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Thursday, September 20, 2012

Bottle Cap 
Chore Chart
Start with some bottle caps and tweezers. You can collect and wash used bottle caps, but these are often misshapen so I took the easy route and found a store that sells bottling supplies. 
They were less then $3 for 150 of them.

The first step is to remove the seal that is in each cap. Place them on a cookie sheet and heat in a 300 degree oven for 5-10 minutes. You'll see some of the seals starting to lift. Using two sets of tweezers pull the seal off. It should come off clean. If not put the caps back in the oven for a few more minutes.
You'll need to work quickly in small batches. As they cool back down the seal will re-adhere itself to the cap.

Next gently hammer down the edges if you want them a bit more open than they already are. Just tap gently as you slowly rotate the cap.
If you are making bottle cap jewelry, now is the time to use a small nail to pound a hole in the edge - just start out with light pressure taps. The caps can be a little slippery here.

Here are some different looks depending on how far you hammer the edges down.

After they are the shape you like you can paint them. This step is not really necessary and will certainly add a bit to the cost if you don't already have spray paint on hand (which I usually do). I'm just not a big fan of gold and I wanted some of them to look like little pies so I painted those brown and painted the rest silver.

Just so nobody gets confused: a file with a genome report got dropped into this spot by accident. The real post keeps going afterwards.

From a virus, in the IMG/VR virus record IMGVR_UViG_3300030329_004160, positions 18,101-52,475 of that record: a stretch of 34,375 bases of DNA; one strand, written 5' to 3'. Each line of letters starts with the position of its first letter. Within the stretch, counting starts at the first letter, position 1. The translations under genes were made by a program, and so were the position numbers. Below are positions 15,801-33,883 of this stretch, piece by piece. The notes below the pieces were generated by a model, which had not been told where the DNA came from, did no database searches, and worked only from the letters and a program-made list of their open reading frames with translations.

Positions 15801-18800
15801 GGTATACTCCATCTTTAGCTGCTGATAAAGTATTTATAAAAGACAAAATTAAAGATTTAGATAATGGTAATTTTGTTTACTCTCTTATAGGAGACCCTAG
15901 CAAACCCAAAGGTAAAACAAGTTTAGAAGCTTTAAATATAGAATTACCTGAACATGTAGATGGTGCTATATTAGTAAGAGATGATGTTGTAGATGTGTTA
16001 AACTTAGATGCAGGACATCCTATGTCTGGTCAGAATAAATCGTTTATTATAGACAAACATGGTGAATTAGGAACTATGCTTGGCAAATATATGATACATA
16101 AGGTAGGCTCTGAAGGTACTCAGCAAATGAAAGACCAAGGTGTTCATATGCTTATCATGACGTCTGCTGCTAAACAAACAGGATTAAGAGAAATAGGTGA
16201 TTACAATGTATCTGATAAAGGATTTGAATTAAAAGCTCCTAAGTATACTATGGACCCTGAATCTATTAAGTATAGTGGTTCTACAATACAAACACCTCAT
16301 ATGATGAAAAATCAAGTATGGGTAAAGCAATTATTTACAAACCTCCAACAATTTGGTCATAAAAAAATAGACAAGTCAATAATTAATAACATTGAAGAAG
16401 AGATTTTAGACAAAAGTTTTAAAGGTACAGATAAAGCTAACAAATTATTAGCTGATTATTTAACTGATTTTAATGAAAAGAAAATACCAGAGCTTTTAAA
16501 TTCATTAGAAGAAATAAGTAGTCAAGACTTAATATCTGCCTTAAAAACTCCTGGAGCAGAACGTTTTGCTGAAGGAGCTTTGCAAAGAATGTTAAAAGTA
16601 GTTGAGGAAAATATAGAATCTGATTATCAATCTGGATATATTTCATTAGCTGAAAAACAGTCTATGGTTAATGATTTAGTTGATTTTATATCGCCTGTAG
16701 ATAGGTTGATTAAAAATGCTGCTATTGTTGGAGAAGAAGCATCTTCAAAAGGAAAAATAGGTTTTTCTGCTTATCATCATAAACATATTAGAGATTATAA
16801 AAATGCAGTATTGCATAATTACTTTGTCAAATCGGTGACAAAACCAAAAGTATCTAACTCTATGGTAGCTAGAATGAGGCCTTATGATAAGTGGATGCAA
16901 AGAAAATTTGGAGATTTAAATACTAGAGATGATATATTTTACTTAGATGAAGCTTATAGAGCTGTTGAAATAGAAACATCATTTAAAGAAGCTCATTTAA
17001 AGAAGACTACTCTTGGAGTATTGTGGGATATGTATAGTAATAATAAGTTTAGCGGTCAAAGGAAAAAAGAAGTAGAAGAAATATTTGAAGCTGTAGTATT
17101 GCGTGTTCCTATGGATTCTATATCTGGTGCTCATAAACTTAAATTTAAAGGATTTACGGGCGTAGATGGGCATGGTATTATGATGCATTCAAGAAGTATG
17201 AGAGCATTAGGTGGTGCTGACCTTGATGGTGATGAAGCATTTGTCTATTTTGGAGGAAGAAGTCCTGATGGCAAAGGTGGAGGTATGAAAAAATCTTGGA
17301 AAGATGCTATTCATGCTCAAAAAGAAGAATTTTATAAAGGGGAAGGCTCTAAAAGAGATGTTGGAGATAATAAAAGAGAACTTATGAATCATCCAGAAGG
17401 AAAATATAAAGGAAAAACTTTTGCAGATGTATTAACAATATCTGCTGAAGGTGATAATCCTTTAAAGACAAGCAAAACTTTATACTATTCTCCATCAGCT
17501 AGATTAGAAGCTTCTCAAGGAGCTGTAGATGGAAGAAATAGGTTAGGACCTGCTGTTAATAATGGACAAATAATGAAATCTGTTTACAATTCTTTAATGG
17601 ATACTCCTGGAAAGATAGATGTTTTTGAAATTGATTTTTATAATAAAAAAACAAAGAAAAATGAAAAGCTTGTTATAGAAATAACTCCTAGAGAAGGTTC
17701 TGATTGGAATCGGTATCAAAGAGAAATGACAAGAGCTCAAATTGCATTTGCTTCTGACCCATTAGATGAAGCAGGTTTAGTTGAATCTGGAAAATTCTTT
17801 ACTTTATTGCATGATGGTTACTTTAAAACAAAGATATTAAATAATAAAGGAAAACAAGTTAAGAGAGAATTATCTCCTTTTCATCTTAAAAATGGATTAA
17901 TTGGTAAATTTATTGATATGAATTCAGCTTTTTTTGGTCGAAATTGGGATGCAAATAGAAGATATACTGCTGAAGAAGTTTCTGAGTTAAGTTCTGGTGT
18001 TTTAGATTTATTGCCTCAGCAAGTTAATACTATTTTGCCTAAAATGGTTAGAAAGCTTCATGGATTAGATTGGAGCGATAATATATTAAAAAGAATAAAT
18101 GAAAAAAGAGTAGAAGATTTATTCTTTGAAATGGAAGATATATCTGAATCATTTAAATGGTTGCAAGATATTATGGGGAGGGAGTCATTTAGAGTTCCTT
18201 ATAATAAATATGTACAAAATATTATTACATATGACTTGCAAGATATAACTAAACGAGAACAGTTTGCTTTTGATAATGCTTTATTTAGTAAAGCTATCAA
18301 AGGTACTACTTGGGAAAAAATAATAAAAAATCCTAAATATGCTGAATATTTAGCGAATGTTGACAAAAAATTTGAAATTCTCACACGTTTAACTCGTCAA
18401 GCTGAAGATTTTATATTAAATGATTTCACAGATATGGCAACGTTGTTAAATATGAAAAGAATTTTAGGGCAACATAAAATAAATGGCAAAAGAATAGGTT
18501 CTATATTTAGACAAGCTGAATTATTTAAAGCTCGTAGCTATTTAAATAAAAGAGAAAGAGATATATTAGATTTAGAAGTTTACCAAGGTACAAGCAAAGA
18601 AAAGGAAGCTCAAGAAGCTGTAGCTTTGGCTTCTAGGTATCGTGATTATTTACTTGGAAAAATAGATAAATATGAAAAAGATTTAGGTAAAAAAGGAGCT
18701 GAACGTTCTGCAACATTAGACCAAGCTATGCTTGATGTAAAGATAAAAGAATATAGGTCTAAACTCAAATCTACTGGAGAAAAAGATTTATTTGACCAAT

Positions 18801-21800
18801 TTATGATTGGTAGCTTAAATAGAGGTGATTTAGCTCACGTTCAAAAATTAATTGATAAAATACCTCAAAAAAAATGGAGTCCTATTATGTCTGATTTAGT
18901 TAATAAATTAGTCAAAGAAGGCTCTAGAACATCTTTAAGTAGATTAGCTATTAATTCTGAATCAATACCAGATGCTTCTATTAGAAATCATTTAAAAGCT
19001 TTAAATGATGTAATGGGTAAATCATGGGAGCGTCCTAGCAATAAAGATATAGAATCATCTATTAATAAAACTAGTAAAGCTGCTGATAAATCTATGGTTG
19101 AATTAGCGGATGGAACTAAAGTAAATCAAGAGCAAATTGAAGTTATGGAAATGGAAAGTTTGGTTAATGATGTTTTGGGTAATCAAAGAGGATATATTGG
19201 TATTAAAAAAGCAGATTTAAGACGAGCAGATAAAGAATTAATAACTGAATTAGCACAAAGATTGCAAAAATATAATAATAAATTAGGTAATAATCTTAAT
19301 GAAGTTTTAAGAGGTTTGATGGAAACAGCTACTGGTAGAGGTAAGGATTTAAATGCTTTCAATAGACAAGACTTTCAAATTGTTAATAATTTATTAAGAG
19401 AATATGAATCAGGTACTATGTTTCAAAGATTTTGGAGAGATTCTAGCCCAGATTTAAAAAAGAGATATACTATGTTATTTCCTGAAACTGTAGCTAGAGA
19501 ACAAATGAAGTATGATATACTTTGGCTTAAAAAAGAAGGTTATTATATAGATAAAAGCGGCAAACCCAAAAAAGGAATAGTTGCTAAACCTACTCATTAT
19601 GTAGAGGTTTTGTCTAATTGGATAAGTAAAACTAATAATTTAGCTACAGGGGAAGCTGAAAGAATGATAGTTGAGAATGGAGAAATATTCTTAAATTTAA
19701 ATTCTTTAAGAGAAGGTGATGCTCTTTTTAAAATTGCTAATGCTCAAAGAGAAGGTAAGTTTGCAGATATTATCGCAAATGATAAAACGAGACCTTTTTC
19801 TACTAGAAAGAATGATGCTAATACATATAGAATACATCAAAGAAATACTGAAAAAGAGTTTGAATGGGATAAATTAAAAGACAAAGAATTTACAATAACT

The inside circle of the caps are 1 inch. So I purchase a one-inch circle cutter at a craft store. If you're doing a lot you'll definitely want to invest in one of these awesome gadgets seen at the top of this photo.
I designed circles on my computer that are labeled with weekly chores and color coded in my kids favorite colors. I decided that I would lead by example here and make myself some printed chores as well, so I designed some little circles to look like lattice top pies (could you tell they were pies?)

Pop out your circle designs and then lightly spread the inside of the cap with decoupage. 

 Press you circle in and hold for a few seconds.

 I finished them with another light coat of decoupage, but you can also buy one-inch, clear epoxy stickers at craft stores that look great in bottle caps (I was just trying to keep the cost down and didn't think a chore chart needed to be so fancy. If you are making bottle cap jewelry definitely get some of these stickers.)

Use super glue and attach some small magnets to the backs.

To make the boards I purchase cookie sheets at the dollar store and used rub-on scrapbook stickers for the lettering. I coated the letters lightly with some clear spray paint then hammered holes on the edges with nails. (Do this before your hammer them into a wall.) 

Ta-Da! Here's our reusable weekly chore chart.


  1. I love this chore chart. I am not sure how to make the chores in 1" circles. would you mind emailing me the file so I can print them.Or telling me how you designed them. I would love to do this with my kids. Thanks!

    1. I used Publisher and made 1-inch circles then put text boxes over them. (Sorry, I can't find the file.)

      If I were doing it again I might just buy 1-inch circle labels at Staples to print them on.